5. Filariasis

Parasitic mushroom grows on a stem of tree

It is parasitic disease caused by , first documented in the 16th century by Jan Huyghen van Linschoten, that affects people who live near unsanitary water bodies or sewage and its carriers are black flies and mosquitoes that breed in fresh and stagnant water bodies and are the host of the filarial nematode worm. This worm affects human adversely and leads to elephantiasis. This particular disease is symptomatic with edema with thickening of the skin and underlying tissues, having a more severe effect on the limbs. Also known as Lymphatic Filariasis, it can be diagnosed in amicrofilaraemic cases based on clinical observations and, in some cases, by finding a circulating antigen in the blood or by identifying microfilarae on a Giemsa stained thick blood film.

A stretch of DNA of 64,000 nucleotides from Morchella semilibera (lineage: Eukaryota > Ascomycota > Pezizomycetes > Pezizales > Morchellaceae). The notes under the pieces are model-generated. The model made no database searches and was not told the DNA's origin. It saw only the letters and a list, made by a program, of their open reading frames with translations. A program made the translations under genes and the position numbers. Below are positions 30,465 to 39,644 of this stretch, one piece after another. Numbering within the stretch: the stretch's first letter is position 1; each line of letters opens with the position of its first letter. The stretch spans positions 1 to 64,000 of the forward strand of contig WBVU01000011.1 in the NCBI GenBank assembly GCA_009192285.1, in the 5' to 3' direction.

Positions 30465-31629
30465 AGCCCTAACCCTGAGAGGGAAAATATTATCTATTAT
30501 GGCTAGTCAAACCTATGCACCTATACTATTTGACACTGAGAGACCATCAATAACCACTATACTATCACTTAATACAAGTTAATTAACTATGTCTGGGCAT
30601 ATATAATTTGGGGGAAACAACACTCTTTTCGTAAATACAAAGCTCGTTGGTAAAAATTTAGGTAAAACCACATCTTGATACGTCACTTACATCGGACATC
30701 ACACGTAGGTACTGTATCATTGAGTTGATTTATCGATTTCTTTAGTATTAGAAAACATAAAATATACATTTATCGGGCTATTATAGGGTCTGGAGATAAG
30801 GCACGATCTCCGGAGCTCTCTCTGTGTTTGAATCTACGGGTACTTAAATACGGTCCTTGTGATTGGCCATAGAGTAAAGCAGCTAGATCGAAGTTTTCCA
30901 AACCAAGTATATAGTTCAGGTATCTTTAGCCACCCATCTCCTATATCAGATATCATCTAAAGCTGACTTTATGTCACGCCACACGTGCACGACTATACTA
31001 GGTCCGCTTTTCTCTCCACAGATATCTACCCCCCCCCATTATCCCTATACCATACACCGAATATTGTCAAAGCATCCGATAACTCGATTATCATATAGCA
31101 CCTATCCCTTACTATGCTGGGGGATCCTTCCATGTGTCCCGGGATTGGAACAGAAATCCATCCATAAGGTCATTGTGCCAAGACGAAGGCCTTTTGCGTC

6. Dysentery

It is an inflammation of the intestine featured by the frequent passage of feces with blood and mucus and is spread by fecal contamination of food and water- is most commonly caused by a bacterium called Shigella or an amoeba. It is important to cure the symptoms of dysentery as well as the dehydration caused by it in the body with oral dehydration salts or intravenous fluids. The best and the easiest way to avoid the occurrence of this disease is to maintain proper hygiene. Only filtered and well boiled water should be consumed and hands should be washed with an anti bacterial soap before eating food and post defecation. Proper sewage disposal and treatment systems should be installed and maintained.

7. Viral Gastroenteritis